Death by suicide
Social media blew up two weeks ago when fashion icon Kate Spade and culinary expert Anthony Bourdain died by suicide days of each other. After all, who doesn’t know the brand Kate Spade, hasn’t walked past one of her stores, or perhaps own one of her purses? Foodie or not, who hasn’t heard of Anthony Bourdain and his culinary storytelling that sparks interest and delight in food and cultures all around the world?
News like this often get the immediacy of the press and then slowly fade away. However, if you are familiar with the feelings of suicide or have lost family, friends and role models to suicide, you do not just recover and move on. These thoughts, feelings and images still consume your mind even when the news has moved to national crises like the horror of separating immigrant children from their families.
Suicide unfortunately happens amongst everyday folks, and this rarely makes the news or causes a social media uproar. While Spade and Bourdain may have been inspiring role models, their deaths didn’t spur this strong reaction because they matter more than the rest of us. It is because high profile celebrity suicides affect our collective consciousness and bring awareness to a problem people face in their small communities. We want to open the discussion about suicide and what we can do to prevent it.
Soapbox about suicide language
As a healthcare professional in the state of Washington, I am required to take a suicide prevention training every six years. One of the most significant takeaways from the last training was changing the way we talk about suicide. We often talk about someone having “committed suicide.” If we really stop to think about it, the closest association of someone having “committed” something is a crime.
While we would never say that someone “committed cancer” or “committed heart disease,” let’s start by saying that it was death by suicide. I understand that suicide implies a choice whereas medical illnesses does not, but it doesn’t help for us to talk about our struggles if we’re loading on the stigma.
Thoughts about ending the pain: a common experience
Recently, I took another suicide and self-harm training. This time, it was with Jack Klott, a suicide prevention consultant. There, I learned that the thoughts of suicide is actually a common experience. Difficult or sometimes chronic life circumstances can create a felt sense of unbearable pain. This then challenges our capacity to cope, and thinking about death is an effort to get rid of this intolerable pain.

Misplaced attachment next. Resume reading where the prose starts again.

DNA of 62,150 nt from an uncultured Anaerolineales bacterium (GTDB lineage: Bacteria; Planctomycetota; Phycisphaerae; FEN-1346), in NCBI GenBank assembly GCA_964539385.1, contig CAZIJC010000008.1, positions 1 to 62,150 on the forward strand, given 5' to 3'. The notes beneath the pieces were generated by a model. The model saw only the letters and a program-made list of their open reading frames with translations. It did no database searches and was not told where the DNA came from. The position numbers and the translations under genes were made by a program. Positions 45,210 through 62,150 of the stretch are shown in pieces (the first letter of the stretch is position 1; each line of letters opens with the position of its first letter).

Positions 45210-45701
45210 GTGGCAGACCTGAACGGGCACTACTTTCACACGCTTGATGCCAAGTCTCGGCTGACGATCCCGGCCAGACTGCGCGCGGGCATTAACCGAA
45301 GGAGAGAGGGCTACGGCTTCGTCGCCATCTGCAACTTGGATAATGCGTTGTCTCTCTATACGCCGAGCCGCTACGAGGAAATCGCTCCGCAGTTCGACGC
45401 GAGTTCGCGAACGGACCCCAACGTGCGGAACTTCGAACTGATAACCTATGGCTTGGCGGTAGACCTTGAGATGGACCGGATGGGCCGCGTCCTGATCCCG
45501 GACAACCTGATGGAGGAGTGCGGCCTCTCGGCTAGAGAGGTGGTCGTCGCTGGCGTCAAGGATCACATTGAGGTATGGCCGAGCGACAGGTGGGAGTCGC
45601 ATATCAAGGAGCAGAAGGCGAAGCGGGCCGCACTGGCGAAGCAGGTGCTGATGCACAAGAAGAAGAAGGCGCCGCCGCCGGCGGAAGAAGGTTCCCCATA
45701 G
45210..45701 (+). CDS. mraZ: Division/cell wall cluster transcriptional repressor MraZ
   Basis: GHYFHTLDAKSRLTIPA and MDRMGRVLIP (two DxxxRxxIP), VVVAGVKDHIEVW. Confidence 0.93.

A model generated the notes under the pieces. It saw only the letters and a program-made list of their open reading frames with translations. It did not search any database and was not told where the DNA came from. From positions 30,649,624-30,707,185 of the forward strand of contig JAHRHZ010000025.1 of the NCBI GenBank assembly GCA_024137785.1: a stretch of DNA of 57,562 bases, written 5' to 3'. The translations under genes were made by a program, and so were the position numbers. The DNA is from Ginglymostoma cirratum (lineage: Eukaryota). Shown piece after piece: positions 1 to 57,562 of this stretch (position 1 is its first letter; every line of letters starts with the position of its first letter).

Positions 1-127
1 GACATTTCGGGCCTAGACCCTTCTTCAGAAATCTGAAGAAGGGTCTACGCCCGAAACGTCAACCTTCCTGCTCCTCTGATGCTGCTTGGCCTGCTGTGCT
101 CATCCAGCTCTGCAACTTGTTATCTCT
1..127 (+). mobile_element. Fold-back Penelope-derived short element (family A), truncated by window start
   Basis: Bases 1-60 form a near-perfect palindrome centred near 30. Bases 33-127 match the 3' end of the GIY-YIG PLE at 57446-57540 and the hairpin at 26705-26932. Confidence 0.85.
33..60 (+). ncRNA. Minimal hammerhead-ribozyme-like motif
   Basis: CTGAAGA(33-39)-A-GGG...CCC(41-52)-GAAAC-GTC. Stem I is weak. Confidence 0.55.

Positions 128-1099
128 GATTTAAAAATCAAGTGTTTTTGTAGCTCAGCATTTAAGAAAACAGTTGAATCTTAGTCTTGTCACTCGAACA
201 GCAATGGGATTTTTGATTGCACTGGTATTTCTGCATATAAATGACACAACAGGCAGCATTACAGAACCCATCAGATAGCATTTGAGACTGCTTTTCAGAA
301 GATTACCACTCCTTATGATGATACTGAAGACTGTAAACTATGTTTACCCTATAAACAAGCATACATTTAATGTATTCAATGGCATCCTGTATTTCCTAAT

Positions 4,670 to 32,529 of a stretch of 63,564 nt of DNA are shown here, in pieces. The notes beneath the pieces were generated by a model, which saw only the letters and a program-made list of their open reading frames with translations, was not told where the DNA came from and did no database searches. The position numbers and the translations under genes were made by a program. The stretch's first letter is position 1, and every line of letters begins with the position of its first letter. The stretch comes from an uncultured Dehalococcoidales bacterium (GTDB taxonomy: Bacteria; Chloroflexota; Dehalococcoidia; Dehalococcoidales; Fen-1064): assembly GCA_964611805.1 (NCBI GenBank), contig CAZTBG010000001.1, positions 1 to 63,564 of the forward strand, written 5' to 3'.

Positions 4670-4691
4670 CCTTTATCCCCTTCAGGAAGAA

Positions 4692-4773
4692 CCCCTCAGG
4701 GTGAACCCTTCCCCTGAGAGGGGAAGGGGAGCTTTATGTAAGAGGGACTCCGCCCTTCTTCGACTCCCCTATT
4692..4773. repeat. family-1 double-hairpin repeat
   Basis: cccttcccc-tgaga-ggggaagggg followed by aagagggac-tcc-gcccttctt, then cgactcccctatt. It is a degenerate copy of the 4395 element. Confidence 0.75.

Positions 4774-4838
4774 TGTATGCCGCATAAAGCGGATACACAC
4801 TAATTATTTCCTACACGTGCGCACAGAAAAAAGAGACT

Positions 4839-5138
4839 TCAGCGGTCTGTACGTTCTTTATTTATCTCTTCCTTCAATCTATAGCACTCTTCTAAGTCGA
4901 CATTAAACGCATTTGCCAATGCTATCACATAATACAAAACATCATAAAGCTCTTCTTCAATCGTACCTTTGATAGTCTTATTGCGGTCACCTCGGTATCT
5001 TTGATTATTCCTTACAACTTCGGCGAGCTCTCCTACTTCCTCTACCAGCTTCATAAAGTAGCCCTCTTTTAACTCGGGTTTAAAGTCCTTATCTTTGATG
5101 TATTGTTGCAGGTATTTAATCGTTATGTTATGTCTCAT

The thing is, as a society, we freak out when someone talks about thoughts of suicide. We are quick to talk them off the ledge, which in imminent situations, we need to. But in cases where it took a lot of courage to even admit to having these thoughts, it doesn’t help to be told to not think or feel this way. Rather, we need a be willing to learn about each others’ pain and to encourage the person with suicidal thoughts to get help.
Additional factors to protect against suicide
Indeed, having a support network is a protective factor in preventing suicide. Jack Klott also mentioned the importance of the following factors:
- Resilience. This is about the process of adapting and recovering from significant stress or hardships. In a separate training, I learned and shared about stress-resilience habits.
- Hope. Remind yourself how you got through difficult circumstances in the past, because you have. When it’s hard to hold hope, allow and trust others to hold that with you and for you.
- Tolerate stress and distress. In moments of despair, it’s about surviving that moment without making matters worse. Dialectical Behavior Therapy (DBT) is a pioneer in teaching you how to tolerate, rather than avoid, distress. Here’s an overview on distress tolerance.
- Regulate emotions. In the face of unbearable pain, emotions are strong and overwhelming. This often prevents your pre-frontal cortex from thinking rationally. Learning DBT skills can help you label and regulate your emotions, so you don’t feel so crazy inside.
- Social support. I mentioned it above, but I see it’s such a necessity to mention it again. Suicidal thoughts are a common experience. The only way we can feel less alone about it is if we give it a collective voice. Much like the #metoo movement, don’t suffer in silence. Reach out if you’re having a hard time. Reach in if you know someone is struggling. We are each others’ safety net.
- A reason for living. Did you know that a lot of amazing things needed to occur for you to be born? The odds of you being born to the parents you were born to required a lot of “coincidences” in the history that preceded them. And I’m not even talking about how babies are made. That math is 1 in 400,000,000,000. You’re uniquely you. While you might not be a Kate Spade or an Anthony Bourdain, this world is not the same without you. You are changing the world by being in it and doing you.
Life is hard; get help
If you’re struggling with thoughts about suicide, share these thoughts with a trusted friend or healthcare professional. Text CONNECT to 741741 in the United States. Call the National Suicide Prevention Hotline at (800) 273-TALK (8255). Visit Now Matters Now to learn helpful ways to deal with your suicidal thoughts.
You don’t have to go about this alone. Get help.
Ada Pang, MS, LMFT is the proud owner of People Bloom Counseling, a Redmond therapy practice in WA. At the heart of what she does, she’s about helping people flourish and live compassionate and vital lives. She can be found at PeopleBloomCounseling.com.